“I think you just carve out a little corner and you hang out there,” he explained as my mind attempted to grasp the entirety of the continuity strands within the Star Wars. “ When I did the Darth Vader series, I don’t think that all six movies , were even out. So there were several movies, and then endless expanded universe stuff – and I just didn’t dip too much into it. I knew what the movies were about and the timelines and all that, but I didn’t get too lost in it. So my involvement with it all has been pretty limited, i couldn’t imagine how people John Jackson who has done so much with it, can deal with the continuity – I’d definitely get overwhelmed, I’m not great with continuity and trivia, so you know, I’d blow it!”
It was around that point in the conversation that I realised that Allie was not only a pragmatist, but that he was a realist – and a humble one at that, and my preconceived notions of a firm handed individual with and otherworldly omniscience in terms of universe continuity were bypassed and transformed into something a lot more tangible. His, is a creative mind that just doesn’t hold to boundaries – he incorporates them, and is highly aware of them, and yet he never allows them to stymie his and others imaginations.
Although there are many varied approaches to both writing and editing comics, Allies style certainly seems to have worked, and continues to be liberally applied in grand swaths to the Dark Horse multiverse. I can’t count or find figures on exactly how many various different series Dark Horse publishes, but it certainly has to be in the hundreds – and getting a glimpse into the work that is to come is, well, pretty damn cool.
“The Buffy series is ongoing – all the titles were doing now were working on four books simultaneously between Buffy, Angel and Faith, and the upcoming willow and spike series, he tells me. “The correspondence between the four series is a unique new challenge for me, and I’ve never done anything like this before. Its kinda exciting and its fun, and its kinda hard!”
“The Minola stuff is also getting a bigger grander scale than before,” he continues, “and I’m writing more of it than before. We’re bringing in one amazing artists after another – we’re hitting it out of really the park in terms of talent with it.”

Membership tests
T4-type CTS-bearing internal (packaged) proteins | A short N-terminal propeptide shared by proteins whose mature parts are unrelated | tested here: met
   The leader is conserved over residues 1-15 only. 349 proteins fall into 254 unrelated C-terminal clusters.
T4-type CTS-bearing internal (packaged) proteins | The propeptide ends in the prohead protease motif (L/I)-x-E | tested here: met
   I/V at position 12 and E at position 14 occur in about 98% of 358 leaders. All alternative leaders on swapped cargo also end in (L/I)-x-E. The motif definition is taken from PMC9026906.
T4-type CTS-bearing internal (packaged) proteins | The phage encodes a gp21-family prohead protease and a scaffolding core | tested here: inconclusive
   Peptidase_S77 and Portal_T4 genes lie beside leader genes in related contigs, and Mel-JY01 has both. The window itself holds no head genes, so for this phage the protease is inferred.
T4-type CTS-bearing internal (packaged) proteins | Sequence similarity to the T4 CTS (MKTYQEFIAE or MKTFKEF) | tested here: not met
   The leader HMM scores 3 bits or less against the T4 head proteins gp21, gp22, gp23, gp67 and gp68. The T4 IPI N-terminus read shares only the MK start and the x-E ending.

Of course, being the advocate and lover of horror as he is, it’s no surprise that this will also feature heavily in near future Dark Horse releases schedule.
“The other big thing that I’m extremely excited and focused on right now,” he enthused, “is that at the end of the year were doing a big push for a horror line, which like most things on at Dark Horse kinda happened organically. I basically looked at the schedule and thought ‘Jesus Christ we have a lot of horror stuff at the end of the year, so lets do a big horror campaign!’ – so we’ve got all these books lined up and we’re going to do a really coordinated, well thought out push for them – if there’s a horror market within the comics market, I think we’re going to own it in the fourth quarter this year.”
When Allie talks of markets, he refers, of course, to the Dark Horse fan base – yet the fan market is a highly different beast than other commercial markets. Shifting as it does with taste and popularism mixed in with the hard core, lifelong lovers of their lines, interacting with this fan base is an important part of the Dark Horse business, and an important part of Allies over all strategy. This relationship with their fans is also at the core of Dark Horses success – they are no aloof publishing entity and their hands on approach is widely known. Events across the world such as Comic-con allow them to directly interact with their core market, and the feedback that they garner, from Allies perspective, is an essential part of the companys outlook.
“For me the biggest part about going to shows it to learn about audiences in different places,” he tells me, as we’re wrapping up the interview. “I have to go to San Diego every year and see the same crew every year, and I think I know what that audience is about, I enjoy New York Comic-con and there’s a good show in Seattle, but when you travel to different places you get to know different audiences. I know that there is a big comic audience in Australia, and a big Buffy audience. So I’m excited about meeting some people and seeing what their take on Season 9 is, and how they experience Dark Horse. One of the interesting things about Dark Horse is that it’s very different to other comic companies in a lot of ways. In one way, people see us as the home of creator owned books like Sin City and Hellboy, others see us as a home for licensed stuff like Buffy and Star Wars – but manga is also a big part of what we do, as well as horror.”
For Allie, who has been in the industry for so long, and who has created, edited, and worked so diligently to share both his own, and other artists worlds with us, Melbourne Comic-con is another link in the chain towards strengthening the relationship that he, and Dark Horse, have with their fans.
“Its educational for me to see how people perceives us,” he humbly enthuses, “and how they perceive our books – mostly I just get to experience that in the States.
That’s what I’m most excited about, really, just seeing what this audience thinks Dark Horse is, and what they like – or don’t like – about us.”